(b) if the offender is a body corporate—a fine not exceeding 50 penalty units.
By virtue of section 4(AA) of the Crimes Act 1914, a penalty unit is currently $110.
[6]     The following survey authorities are approved: American Bureau of Shipping; Bureau Veritas; Det Norske Veritas; Germanischer Lloyd; Lloyd's Register; and Nippon Kaiji Kyokai. Other survey authorities may be approved by AMSA if relevant criteria are met.
[7]     Applications for modifications or exemptions should be made to the Manager, Ship Inspections, and should be accompanied by relevant information.  The Manager, Ship Inspections, may seek additional information to assist in reaching a decision.
[8]     There may be additional requirements under the Protection of the Sea (Prevention of Pollution from Ships) Act 1983, and Marine Orders, Part 94 (Pollution Prevention (Packaged Harmful Substances)), which give effect to the dangerous goods aspects of MARPOL.
[9]     Subsection 253A(2) provides that a person shall not send by, or carry in, a ship any dangerous goods which do not, or the packing, stowing or carriage of which does not, comply with such requirements as are prescribed.  By virtue of section 4AA and 4AB of the Crimes Act 1914, the penalty for contravention is a fine of up to $11,000 or imprisonment for up to 4 years, or both.  Section 254 of the Navigation Act provides that if, in the opinion of AMSA, the carriage of any particular cargo or goods in any ship would endanger its safety or interfere with the comfort of its passengers or crew, it may notify the master or owner accordingly. It is an offence to take the ship to sea with such cargo or goods on board and the ship may be detained until they have been removed from the ship.  To enable AMSA to carry out this function, a surveyor authorised under section 413 of the Navigation Act has wide powers to inspect ships, premises and documentation.  Failure to give adequate access to a surveyor may result in a ship being detained until its safety can be determined.  Where a ship is required by SOLAS II-2/54.3 or SOLAS II-2/19.4, as appropriate, to carry a Document of Compliance for the carriage of dangerous goods, dangerous goods not carried in accordance with the Document of Compliance may be regarded as endangering the safety of that ship.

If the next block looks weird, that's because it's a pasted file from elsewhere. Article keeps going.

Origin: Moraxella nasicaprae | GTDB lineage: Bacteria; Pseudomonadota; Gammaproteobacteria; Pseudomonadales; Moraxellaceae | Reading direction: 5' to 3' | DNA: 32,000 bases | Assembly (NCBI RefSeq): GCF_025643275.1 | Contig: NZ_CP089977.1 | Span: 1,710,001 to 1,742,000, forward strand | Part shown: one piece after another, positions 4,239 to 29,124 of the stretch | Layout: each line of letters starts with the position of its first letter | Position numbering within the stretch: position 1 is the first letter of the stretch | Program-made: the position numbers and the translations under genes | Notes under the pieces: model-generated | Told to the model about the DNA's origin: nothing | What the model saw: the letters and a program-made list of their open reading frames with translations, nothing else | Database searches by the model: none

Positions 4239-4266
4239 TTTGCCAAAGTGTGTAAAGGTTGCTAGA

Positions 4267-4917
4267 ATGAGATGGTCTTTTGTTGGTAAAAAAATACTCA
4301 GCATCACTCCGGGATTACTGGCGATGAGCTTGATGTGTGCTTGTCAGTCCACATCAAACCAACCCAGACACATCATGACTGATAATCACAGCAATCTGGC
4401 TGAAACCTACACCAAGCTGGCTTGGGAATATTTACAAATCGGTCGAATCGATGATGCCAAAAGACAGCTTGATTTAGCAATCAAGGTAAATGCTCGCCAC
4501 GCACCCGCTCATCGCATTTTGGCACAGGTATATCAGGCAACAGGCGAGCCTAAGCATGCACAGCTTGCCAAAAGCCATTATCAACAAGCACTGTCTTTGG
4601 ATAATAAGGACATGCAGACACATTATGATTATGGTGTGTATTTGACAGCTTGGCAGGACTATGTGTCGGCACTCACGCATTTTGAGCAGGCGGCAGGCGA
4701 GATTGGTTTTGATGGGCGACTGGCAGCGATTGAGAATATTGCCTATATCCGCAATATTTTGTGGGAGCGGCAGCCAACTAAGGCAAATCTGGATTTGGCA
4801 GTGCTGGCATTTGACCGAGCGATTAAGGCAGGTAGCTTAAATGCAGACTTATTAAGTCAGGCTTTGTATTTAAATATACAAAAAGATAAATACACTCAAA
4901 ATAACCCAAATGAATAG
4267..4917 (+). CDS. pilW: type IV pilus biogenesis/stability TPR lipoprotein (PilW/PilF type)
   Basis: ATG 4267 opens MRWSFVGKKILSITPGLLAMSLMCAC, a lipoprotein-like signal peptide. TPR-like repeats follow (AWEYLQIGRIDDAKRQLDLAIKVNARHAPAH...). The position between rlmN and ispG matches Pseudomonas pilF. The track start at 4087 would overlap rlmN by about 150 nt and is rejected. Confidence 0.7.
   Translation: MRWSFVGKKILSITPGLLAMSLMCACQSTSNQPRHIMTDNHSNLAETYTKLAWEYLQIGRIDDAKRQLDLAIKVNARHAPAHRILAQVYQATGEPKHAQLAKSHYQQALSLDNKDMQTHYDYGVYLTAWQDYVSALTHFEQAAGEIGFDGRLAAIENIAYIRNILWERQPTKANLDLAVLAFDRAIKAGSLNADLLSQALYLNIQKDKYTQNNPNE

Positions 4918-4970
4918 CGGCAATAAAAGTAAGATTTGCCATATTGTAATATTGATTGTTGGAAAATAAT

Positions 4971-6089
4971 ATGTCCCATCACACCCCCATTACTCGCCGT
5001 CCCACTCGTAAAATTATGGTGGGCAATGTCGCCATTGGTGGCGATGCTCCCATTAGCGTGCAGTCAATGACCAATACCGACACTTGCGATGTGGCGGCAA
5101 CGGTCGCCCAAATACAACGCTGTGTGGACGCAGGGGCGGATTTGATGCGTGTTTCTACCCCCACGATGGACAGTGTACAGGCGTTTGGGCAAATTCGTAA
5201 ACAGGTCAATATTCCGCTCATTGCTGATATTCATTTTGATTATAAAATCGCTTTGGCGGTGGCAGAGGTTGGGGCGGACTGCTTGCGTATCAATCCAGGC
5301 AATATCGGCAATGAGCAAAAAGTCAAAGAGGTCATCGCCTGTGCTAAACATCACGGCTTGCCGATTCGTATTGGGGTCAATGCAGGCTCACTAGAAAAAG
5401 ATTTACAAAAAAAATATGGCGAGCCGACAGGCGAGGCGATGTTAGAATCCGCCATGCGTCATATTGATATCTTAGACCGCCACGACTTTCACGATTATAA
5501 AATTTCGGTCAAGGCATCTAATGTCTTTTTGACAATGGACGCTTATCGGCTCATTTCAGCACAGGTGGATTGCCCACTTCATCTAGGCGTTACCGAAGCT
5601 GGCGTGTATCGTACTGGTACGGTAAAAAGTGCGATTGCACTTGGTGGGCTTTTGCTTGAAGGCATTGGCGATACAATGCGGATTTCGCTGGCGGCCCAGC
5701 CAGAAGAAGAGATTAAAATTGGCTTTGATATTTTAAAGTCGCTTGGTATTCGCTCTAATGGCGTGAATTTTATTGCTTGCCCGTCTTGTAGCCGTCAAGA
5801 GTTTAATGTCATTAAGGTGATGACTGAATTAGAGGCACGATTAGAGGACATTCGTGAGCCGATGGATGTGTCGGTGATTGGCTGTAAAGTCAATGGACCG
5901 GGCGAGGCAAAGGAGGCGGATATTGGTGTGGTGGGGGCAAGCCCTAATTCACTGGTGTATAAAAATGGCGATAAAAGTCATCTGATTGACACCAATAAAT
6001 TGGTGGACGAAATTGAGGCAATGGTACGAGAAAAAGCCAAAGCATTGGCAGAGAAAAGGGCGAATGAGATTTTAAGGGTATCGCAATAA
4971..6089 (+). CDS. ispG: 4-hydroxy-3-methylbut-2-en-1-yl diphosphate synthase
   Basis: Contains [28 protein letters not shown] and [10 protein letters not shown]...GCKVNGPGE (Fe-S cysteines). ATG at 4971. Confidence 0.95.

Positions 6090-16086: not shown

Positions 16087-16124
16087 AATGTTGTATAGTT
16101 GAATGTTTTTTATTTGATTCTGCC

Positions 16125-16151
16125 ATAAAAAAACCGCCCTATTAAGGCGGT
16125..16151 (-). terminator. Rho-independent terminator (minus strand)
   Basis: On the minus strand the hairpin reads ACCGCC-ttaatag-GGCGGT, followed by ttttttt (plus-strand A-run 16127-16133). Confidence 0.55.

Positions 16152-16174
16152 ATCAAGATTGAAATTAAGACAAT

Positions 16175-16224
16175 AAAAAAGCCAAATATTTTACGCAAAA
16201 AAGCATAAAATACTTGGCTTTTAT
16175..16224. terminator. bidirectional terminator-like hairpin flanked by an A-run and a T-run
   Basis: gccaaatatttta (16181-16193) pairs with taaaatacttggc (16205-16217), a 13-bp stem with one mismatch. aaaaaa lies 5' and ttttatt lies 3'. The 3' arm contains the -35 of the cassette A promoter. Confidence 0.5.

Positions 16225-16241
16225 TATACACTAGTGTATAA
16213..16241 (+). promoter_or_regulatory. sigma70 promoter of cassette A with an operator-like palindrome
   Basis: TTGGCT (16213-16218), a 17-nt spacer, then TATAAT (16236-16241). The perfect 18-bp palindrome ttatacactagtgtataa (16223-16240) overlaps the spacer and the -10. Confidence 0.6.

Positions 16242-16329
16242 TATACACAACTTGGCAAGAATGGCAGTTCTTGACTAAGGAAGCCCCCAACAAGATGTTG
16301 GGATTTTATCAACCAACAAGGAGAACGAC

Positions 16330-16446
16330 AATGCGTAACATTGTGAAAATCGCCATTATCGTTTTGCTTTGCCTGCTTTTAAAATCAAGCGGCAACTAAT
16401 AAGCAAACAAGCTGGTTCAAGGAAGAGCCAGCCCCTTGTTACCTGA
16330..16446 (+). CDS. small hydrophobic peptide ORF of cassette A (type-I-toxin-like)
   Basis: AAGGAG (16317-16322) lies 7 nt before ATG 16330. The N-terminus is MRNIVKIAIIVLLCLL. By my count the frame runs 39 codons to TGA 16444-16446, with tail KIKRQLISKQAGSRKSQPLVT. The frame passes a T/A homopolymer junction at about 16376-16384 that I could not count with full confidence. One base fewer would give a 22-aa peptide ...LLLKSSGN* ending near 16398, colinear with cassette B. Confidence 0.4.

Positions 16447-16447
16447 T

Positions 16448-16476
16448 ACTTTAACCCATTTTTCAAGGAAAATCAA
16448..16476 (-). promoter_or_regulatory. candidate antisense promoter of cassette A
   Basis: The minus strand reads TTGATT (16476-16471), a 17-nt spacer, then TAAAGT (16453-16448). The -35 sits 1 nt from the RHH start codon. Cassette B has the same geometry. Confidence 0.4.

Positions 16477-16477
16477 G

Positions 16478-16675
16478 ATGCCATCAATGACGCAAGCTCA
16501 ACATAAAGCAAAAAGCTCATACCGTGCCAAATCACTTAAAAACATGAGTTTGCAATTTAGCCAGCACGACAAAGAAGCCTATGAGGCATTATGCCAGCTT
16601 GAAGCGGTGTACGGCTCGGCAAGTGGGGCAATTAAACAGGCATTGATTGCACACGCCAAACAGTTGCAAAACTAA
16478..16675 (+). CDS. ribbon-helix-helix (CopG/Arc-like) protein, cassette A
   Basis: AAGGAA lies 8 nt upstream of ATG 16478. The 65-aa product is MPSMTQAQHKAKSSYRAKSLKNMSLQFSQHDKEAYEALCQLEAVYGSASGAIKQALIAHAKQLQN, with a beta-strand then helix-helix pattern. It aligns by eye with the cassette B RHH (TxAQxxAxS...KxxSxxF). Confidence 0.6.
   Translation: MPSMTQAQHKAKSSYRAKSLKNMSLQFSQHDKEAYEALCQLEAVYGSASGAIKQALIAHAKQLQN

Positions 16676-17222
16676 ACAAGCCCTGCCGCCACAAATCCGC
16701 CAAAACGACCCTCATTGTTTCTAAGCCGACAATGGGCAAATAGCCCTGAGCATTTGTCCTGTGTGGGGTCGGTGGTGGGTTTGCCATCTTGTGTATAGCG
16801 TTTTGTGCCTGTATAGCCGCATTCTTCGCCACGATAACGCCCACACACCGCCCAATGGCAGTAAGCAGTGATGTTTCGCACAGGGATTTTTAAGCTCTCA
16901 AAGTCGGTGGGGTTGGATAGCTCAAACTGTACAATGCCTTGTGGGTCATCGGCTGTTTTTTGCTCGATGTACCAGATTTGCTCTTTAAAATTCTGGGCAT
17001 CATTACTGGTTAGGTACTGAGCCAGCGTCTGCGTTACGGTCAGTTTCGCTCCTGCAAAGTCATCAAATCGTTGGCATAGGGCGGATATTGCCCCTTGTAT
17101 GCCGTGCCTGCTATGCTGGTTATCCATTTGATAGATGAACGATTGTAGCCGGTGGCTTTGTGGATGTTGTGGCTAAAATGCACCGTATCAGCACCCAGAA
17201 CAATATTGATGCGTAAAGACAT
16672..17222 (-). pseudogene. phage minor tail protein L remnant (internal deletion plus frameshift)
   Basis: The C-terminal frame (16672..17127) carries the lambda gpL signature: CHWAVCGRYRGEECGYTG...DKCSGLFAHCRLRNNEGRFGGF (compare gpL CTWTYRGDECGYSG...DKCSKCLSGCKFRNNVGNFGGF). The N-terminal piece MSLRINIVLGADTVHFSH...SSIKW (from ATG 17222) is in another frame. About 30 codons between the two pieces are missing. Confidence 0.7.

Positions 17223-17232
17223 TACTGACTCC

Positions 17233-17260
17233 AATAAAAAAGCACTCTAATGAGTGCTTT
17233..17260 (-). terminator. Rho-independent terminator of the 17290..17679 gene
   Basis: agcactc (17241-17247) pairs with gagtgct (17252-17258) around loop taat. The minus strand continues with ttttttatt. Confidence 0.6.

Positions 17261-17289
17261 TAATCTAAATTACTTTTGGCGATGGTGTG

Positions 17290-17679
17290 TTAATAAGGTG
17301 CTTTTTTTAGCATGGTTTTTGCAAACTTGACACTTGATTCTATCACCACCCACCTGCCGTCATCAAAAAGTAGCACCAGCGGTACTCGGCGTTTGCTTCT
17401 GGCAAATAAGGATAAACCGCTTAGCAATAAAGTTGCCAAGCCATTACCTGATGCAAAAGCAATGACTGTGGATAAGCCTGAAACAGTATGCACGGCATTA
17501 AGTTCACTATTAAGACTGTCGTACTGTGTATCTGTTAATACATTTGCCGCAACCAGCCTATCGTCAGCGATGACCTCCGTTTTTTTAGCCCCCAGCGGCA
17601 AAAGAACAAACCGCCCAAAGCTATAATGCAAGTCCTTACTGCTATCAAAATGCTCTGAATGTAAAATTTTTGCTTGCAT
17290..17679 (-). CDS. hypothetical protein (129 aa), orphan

[10]    The INF Code is mandatory under Chapter VII of SOLAS from 1 January 2001 for ships carrying INF cargo.  The INF Code requires a ship engaged in that trade to have an International Certificate of Fitness for the carriage of INF Cargoes.
[11]    Section 255 of the Navigation Act specifies a penalty up to $2,000 for non-compliance. By virtue of sections 4AA and 4AB of the Crimes Act 1914, this penalty is now $2,200.  In addition, section 137 of the Criminal Code provides for a maximum penalty of 12 months imprisonment for giving information or documents that are false or misleading in a material particular.
[12]    The Multimodal Dangerous Goods Form is set out in the IMDG Code and is obtainable from AMSA through its website at www.amsa.gov.au.
      Strict adherence to the layout of the form is not necessary so long as all the specified information is provided.  If dangerous goods documentation is sent electronically, the signature(s) may be replaced by the name(s) (in capitals) of the person(s) authorised to sign.  Shippers may use fax or email to deliver the form. Certain classes of dangerous goods may require additional information or certification, as outlined in chapter 5.4 of the IMDG Code.
      If information provided in a form is illegible, or the person making the required declarations cannot be identified, notice will not be considered as having been given in accordance with the Navigation Act.
[13]    A consolidator providing documentation on behalf of the originating shipper must meet the notification requirements of the originating shipper as well as those of the consolidator.